This is a blatant, outright smear. This requires an apology from Ron Capshaw. It is not the only smear in this piece, either.

    Here is Ayn Rand’s principled, rational destruction of statism and conscription, including her excoriation of “conservatives” for upholding this hideous practice:

    “Of all the statist violations of individual rights in a mixed economy, the military draft is the worst. It is an abrogation of rights. It negates man’s fundamental right—the right to life—and establishes the fundamental principle of statism: that a man’s life belongs to the state, and the state may claim it by compelling him to sacrifice it in battle. Once that principle is accepted, the rest is only a matter of time.
    If the state may force a man to risk death or hideous maiming and crippling, in a war declared at the state’s discretion, for a cause he may neither approve of nor even understand, if his consent is not required to send him into unspeakable martyrdom—then, in principle, all rights are negated in that state, and its government is not man’s protector any longer. What else is there left to protect?
    The most immoral contradiction—in the chaos of today’s anti-ideological groups—is that of the so-called “conservatives,” who posture as defenders of individual rights, particularly property rights, but uphold and advocate the draft. By what infernal evasion can they hope to justify the proposition that creatures who have no right to life, have the right to a bank account?”
    Ayn Rand, “The Wreckage of the Consensus,” Capitalism: The Unknown Ideal, p 226
    This essay contains Ayn Rand’s full position on conscription. Anyone honest enough thinker wont to challenge or agree with Rand on the subject, or with Ron Capshaw in this hit piece, ought to read the essay.

    Meanwhile, in a Q and A, Rand used the word ‘bums’ regarding evaders. However, she clearly explained that there was a fundamental dividing line between “activists” who hated the US, would never fight to defend it, and evaded or burned their draft cards as a monument to their hatred, and those who objected to conscription as a generic tool of government. The anti-US activists are the target of her label “bums.”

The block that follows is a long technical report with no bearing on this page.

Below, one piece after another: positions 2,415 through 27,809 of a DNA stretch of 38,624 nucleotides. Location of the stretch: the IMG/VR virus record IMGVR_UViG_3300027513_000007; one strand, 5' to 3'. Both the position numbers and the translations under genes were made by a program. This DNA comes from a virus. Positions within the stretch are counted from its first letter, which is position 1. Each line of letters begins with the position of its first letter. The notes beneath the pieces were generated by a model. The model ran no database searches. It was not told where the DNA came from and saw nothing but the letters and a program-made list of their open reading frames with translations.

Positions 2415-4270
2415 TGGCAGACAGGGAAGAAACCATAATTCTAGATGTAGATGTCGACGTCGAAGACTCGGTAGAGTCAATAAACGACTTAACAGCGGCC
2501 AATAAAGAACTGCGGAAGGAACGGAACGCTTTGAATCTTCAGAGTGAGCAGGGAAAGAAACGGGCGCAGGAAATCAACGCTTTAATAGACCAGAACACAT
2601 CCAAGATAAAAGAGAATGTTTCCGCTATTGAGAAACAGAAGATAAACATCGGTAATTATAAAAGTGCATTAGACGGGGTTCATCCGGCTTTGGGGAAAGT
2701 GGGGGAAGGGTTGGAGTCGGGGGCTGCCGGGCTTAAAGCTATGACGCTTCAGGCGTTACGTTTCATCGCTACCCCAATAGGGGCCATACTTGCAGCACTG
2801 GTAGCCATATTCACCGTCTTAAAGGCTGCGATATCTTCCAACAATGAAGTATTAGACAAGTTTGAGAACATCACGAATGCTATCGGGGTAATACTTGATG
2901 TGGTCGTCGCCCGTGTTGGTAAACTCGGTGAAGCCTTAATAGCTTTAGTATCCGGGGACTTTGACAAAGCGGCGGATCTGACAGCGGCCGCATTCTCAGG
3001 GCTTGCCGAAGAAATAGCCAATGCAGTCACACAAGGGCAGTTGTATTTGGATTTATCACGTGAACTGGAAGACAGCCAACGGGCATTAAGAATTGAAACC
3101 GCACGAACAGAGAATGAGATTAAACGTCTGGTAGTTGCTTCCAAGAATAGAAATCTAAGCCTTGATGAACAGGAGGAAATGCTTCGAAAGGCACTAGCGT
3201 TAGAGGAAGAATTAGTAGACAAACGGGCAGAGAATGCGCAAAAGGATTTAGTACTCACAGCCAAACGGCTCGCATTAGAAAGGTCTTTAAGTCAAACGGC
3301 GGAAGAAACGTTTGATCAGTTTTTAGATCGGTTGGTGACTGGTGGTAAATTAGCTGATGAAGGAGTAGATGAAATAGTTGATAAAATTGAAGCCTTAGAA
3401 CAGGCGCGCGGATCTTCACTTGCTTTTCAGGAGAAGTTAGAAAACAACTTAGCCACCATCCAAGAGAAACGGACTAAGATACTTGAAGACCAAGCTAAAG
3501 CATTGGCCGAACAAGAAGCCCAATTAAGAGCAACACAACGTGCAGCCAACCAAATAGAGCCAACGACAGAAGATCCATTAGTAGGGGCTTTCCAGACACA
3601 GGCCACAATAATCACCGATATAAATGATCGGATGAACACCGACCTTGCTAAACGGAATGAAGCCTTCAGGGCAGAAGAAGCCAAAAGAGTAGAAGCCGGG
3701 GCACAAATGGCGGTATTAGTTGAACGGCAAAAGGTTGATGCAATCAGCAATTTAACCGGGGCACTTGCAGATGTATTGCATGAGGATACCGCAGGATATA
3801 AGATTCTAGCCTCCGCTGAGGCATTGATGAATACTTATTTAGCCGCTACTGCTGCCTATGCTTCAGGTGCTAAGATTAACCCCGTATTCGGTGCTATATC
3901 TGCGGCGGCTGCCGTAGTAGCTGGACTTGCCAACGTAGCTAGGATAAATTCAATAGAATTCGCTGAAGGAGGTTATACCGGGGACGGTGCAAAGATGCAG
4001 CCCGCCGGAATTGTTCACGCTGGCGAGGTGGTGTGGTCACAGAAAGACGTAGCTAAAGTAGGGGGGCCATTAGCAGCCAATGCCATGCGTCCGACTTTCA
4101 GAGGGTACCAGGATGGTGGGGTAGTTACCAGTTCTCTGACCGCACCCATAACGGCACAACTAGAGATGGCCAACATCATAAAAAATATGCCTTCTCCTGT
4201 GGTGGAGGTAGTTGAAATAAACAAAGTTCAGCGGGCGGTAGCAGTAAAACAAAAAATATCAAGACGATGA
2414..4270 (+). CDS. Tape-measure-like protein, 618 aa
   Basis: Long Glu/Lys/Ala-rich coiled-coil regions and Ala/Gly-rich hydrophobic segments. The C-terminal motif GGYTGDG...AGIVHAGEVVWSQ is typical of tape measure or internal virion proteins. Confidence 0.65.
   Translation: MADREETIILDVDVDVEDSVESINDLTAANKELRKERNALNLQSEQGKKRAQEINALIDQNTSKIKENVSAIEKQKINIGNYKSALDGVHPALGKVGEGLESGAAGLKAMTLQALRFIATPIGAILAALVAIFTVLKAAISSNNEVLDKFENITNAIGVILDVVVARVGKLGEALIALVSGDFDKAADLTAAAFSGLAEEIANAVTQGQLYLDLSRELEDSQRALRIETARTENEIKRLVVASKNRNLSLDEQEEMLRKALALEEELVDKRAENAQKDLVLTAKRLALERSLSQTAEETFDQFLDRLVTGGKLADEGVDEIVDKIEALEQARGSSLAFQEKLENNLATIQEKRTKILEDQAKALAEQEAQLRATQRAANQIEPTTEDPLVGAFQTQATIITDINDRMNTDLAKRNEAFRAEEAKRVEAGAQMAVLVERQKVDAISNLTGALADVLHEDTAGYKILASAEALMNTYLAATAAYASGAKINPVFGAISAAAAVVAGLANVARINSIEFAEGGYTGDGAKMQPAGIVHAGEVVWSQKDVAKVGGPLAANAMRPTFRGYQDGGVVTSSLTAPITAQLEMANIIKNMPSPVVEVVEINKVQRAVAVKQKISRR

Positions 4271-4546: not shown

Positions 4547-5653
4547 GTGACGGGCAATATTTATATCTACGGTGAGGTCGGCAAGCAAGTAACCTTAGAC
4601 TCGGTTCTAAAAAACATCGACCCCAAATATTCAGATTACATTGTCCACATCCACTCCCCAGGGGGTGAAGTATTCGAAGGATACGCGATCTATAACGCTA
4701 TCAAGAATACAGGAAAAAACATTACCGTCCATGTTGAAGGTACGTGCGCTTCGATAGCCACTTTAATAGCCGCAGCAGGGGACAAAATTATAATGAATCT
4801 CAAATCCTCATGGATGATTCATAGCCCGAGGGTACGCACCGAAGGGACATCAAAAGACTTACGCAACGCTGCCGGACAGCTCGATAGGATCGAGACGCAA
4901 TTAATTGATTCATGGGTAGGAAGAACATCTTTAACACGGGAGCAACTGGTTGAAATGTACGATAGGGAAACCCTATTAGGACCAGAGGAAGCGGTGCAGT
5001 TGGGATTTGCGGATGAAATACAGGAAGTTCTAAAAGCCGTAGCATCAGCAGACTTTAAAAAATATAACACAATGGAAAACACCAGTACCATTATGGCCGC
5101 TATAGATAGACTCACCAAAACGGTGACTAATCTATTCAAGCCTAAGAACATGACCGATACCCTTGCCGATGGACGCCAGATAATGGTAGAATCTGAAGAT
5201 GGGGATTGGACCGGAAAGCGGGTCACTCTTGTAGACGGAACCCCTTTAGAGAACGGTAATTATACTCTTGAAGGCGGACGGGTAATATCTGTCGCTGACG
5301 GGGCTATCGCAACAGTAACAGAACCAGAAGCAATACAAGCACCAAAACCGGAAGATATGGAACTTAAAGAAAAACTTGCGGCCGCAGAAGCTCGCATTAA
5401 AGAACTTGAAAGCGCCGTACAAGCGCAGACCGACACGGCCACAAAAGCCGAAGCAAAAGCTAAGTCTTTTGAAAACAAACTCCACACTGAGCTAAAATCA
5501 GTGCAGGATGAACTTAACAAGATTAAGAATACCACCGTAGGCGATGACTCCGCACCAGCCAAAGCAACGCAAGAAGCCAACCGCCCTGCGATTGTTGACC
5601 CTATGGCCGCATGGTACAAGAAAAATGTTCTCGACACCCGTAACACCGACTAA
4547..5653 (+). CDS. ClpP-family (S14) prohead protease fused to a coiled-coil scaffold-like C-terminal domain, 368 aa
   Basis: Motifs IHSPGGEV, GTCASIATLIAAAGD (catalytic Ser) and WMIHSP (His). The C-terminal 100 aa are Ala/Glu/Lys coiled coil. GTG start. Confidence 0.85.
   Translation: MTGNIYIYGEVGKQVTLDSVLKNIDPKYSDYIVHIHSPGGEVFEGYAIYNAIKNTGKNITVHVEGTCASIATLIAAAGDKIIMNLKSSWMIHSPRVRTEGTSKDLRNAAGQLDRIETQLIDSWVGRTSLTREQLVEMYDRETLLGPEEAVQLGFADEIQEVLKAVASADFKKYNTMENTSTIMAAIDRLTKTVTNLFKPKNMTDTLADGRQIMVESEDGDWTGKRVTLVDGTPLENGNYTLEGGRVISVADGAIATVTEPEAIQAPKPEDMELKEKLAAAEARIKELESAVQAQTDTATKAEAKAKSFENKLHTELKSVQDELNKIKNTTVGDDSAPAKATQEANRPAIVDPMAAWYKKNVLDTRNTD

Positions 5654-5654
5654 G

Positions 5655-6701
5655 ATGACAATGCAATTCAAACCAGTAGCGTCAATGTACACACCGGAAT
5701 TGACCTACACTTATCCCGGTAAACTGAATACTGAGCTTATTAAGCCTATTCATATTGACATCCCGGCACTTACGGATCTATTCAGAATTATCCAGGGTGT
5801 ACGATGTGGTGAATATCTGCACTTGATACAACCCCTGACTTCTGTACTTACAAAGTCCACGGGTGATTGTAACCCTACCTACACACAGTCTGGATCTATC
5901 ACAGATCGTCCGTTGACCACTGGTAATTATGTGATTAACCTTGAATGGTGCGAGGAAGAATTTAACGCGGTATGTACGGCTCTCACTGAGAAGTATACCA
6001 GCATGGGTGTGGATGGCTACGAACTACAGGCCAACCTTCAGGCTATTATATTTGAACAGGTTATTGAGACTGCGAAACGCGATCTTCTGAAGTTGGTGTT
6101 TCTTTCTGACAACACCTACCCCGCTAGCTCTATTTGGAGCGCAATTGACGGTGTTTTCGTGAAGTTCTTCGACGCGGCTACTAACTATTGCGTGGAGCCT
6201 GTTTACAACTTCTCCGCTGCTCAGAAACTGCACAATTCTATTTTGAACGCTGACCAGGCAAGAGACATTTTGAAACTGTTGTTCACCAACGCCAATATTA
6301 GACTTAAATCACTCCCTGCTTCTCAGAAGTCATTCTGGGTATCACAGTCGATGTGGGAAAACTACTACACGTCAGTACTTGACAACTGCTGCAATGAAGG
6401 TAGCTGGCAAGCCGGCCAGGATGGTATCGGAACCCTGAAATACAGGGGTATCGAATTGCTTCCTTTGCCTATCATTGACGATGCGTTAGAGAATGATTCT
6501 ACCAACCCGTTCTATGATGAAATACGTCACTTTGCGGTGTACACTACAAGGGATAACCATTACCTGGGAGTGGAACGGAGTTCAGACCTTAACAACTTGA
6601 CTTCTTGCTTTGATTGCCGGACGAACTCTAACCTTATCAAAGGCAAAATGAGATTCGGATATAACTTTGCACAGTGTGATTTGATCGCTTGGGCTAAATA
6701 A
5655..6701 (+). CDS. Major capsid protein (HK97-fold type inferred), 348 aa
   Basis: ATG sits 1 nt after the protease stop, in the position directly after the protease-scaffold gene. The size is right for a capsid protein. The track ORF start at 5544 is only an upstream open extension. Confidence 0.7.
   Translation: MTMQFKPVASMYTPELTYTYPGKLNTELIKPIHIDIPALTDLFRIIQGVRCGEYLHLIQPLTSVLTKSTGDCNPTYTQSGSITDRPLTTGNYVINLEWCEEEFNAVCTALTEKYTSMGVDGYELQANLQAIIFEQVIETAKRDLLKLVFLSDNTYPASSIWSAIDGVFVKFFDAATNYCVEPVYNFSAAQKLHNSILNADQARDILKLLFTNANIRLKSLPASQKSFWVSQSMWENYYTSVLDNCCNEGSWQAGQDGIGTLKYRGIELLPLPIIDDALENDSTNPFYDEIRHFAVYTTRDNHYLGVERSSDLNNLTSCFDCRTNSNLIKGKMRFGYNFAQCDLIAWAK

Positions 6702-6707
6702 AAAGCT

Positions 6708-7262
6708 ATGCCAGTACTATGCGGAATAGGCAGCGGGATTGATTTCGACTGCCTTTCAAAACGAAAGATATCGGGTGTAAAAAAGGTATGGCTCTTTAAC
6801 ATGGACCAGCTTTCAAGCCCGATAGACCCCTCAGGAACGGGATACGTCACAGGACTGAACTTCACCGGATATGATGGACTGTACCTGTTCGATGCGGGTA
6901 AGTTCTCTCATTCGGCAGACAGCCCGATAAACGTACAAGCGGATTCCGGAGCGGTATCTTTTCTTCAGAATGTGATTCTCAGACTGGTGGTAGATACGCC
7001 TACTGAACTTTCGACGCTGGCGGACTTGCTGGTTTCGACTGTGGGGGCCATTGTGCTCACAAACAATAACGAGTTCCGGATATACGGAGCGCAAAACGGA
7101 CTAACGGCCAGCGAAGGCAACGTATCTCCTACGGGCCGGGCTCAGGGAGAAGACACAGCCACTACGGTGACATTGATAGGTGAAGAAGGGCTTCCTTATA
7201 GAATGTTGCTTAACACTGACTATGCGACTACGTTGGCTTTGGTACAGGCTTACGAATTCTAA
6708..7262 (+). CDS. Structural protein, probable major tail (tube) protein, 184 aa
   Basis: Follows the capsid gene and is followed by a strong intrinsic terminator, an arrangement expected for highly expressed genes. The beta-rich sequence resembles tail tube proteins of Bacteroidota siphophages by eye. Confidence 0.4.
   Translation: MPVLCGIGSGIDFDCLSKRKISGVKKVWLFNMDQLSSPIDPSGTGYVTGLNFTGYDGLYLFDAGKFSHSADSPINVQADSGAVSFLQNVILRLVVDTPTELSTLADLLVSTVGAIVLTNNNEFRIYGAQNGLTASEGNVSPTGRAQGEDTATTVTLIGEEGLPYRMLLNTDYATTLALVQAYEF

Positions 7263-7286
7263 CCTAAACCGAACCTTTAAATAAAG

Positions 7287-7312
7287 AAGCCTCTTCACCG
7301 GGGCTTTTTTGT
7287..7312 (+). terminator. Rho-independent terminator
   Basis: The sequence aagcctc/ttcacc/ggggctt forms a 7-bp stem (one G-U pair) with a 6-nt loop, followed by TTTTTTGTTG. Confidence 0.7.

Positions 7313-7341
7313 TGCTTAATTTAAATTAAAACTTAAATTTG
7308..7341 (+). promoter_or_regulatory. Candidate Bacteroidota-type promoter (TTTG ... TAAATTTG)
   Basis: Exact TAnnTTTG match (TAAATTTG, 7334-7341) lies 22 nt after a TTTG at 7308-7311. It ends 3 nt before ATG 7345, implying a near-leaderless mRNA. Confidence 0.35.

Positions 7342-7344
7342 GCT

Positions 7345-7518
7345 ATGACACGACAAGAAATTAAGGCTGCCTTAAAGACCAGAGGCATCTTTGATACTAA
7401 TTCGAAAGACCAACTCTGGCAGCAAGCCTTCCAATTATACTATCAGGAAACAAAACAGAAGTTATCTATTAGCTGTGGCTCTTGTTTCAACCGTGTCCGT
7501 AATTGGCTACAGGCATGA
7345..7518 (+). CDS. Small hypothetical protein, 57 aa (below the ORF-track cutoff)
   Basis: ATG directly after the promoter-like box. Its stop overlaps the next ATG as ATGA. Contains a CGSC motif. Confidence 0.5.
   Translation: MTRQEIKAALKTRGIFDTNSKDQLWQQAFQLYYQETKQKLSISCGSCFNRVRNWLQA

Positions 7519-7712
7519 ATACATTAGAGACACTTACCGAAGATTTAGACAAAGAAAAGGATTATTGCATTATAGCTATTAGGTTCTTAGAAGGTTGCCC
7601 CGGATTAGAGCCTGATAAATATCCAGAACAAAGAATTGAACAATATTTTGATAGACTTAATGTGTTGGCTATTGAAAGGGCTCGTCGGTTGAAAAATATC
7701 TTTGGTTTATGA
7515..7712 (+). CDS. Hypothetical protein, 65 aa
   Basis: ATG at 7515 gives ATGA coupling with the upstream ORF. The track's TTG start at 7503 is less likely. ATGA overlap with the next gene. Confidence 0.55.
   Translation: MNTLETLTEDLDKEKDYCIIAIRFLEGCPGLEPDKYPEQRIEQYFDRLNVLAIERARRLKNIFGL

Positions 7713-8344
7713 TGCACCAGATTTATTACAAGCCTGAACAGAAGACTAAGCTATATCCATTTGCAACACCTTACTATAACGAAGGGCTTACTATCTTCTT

If this be ‘statism,’ make the most of it. The only light in which defending the nation in a just war is statism, is if you are standing in the middle of a lawless, civil war under anarchism. The only light in which a conservative can hold conscription to be moral is if they agree a person belongs to the state.

    Ayn Rand Q and A at the Ford Hall Forum 1972
    Q: Miss Rand, would you comment on the question whether amnesty should be granted to draft dodgers or deserters?
    A: I think it is an improper question to be discussed while there is a war going on. It … is… ehh, a very complex question, but you cannot, when men are dying in a war, say that you promise amnesty to those who refuse to. On the other hand, I do not blame those who refuse to be drafted, if they did so out of general conviction, not necessarily religious, but if they oppose the State’s right to draft them. They would have a case, and they would go to jail. And they would be willing to take that penalty. But when a lot of young bums declare that they don’t want to fight this war, because they don’t want to fight against Soviet Russia and that’s all it means, then I think not only they don’t deserve any amnesty, but they deserve to be sent to Russia at public expense—or North Vietnam…

  3. “Although a fervent Catholic, Buckley
    must have felt himself not up to the task of expelling Rand and her
    followers from the conservative movement.”

    Ha! Buckley didn’t have to do that, because Rand wasn’t part of his “movement” and would have nothing to do with it to begin with. She understood that politics doesn’t stand on its own. That there are more fundamental parts of philosophy that must be understood and applied first; that the university is the critical institution from which to start a movement, not government.